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    Mental Health Awareness Week: Make time to talk at work

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    As the UK joins together for Mental Health Awareness Week still in the grips of a pandemic, AMS (formerly Alexander Mann Solutions), a global provider of talent outsourcing and advisory services, has urged employers to make time to talk to their people.

    While the country is beginning to see restrictions ease as the vaccine rollout picks up pace, AMS has warned that we are facing a mental health pandemic that could have a lasting impact on workforces unless action is taken now. With staff working remotely for the last 18 months and most set to do so in some form for the foreseeable future, employees are facing digital exhaustion, a lack of boundaries between work and home life and a reduction in engagement and well-being that is being masked by increased productivity.

    According to the talent expert, businesses will experience a long-lasting, detrimental impact on growth prospects unless they seriously consider taking steps to better the people’s mental well-being, including:

    • Make time to talk: Don’t be afraid to have difficult and courageous conversations across the business – in fact, make time to discuss the pressures peers and teams are facing. People need to be listened to, no matter how hard it can be to hear it
    • Focus on humility: Use good role models in senior positions who are able to talk about mental well-being with a sense of vulnerability and humility. Opening up a conversation that encourages people to talk – including sharing personal experiences from managers – will be crucial in helping staff cope in the modern world
    • Get your people involved: Empower staff to take action themselves. AMS champions Mental Health Ambassadors across the company who are accessible to anyone looking to talk about their struggles in and out of work
    • Train your managers to have empowering conversations: Managers are facing a new challenge themselves. Providing training to help them have impactful discussions delivered with confidence and compassion can help tackle the mental health pandemic. Have trained mental wellness ambassadors work with managers regularly to develop this skill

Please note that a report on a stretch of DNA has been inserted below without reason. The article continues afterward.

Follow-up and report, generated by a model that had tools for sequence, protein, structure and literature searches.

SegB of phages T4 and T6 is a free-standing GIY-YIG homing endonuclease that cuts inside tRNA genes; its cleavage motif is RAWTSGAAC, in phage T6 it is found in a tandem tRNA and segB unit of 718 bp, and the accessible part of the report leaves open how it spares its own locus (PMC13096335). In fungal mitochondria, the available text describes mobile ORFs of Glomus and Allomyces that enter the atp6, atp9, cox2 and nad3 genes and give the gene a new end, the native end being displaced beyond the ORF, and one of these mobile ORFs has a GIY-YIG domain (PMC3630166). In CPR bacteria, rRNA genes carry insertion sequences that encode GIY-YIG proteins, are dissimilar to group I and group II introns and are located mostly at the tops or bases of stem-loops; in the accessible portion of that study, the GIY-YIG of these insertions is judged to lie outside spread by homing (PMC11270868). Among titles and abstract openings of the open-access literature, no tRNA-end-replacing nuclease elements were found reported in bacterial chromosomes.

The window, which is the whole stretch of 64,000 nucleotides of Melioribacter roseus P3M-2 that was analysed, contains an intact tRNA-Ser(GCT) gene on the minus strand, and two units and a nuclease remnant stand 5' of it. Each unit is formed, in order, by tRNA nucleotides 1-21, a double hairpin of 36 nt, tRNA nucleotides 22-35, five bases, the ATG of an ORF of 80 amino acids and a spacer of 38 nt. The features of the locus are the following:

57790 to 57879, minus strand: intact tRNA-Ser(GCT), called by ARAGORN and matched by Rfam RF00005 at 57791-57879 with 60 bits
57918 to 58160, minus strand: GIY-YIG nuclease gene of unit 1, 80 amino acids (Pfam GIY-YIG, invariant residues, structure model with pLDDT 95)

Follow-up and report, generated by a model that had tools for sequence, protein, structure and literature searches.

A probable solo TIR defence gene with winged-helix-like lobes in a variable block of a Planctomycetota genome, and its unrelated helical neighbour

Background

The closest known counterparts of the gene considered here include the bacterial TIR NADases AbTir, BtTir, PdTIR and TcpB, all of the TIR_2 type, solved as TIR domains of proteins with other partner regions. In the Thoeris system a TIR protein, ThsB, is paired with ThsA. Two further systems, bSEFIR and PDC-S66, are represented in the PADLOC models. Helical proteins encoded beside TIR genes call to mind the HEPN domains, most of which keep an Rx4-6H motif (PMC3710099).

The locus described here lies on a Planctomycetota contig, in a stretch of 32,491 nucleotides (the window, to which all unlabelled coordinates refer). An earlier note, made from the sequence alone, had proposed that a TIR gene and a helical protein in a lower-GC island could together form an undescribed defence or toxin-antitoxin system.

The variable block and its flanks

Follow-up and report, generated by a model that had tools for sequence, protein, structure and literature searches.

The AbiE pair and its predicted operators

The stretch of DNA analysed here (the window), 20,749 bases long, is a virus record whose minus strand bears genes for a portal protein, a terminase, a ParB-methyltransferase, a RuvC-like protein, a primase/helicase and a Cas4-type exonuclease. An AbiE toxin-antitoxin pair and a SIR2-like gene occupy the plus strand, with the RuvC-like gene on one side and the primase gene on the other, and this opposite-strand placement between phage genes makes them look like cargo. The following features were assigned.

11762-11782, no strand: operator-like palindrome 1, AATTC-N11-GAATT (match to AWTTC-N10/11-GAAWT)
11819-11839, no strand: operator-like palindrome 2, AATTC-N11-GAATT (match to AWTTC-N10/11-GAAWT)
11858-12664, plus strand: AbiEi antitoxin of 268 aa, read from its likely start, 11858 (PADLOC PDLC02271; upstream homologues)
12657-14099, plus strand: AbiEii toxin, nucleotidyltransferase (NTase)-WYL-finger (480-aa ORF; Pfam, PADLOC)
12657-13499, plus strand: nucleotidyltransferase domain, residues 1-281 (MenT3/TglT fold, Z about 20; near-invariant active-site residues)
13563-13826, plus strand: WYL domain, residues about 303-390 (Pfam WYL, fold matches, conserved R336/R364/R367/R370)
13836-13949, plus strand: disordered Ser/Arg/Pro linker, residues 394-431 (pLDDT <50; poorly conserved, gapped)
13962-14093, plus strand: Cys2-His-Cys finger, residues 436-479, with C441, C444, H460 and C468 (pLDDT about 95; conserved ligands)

• Take a global viewpoint with a regional approach: Be considerate about the fact that there are regional differences in terms of pandemic restrictions, so the mental health support needed will vary across geographies. Approaches to how mental health is talked about and normalised needs to be adapted across demographics and cultures as well, so avoid a ‘one-size-fits-all’ approach

    As Ruth Smyth, Managing Director, People and Culture at AMS explained, it’s never been so important to make time to talk to staff: “Our employees’ mental health has never faced such pressure and strain as it has in the last year. While there’s been some really encouraging and inspirational moves from employers to support the mental well-being of their staff during the pandemic, we’re now facing longer-term stresses that businesses need to prepare for – in particular, the effects of long-Covid and a possible mental health pandemic that could impact our people for a number of years unless we prepare and take action quickly. While every business will have its own talent engagement and mental health well-being programme in place, impactful, courageous and difficult conversations need to embraced if we’re to support our talent in the new world of work. Making time to talk now could safe-guard the well-being of our people in the future.”

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    AUTHOR

    Stuart O'Brien

    All stories by: Stuart O'Brien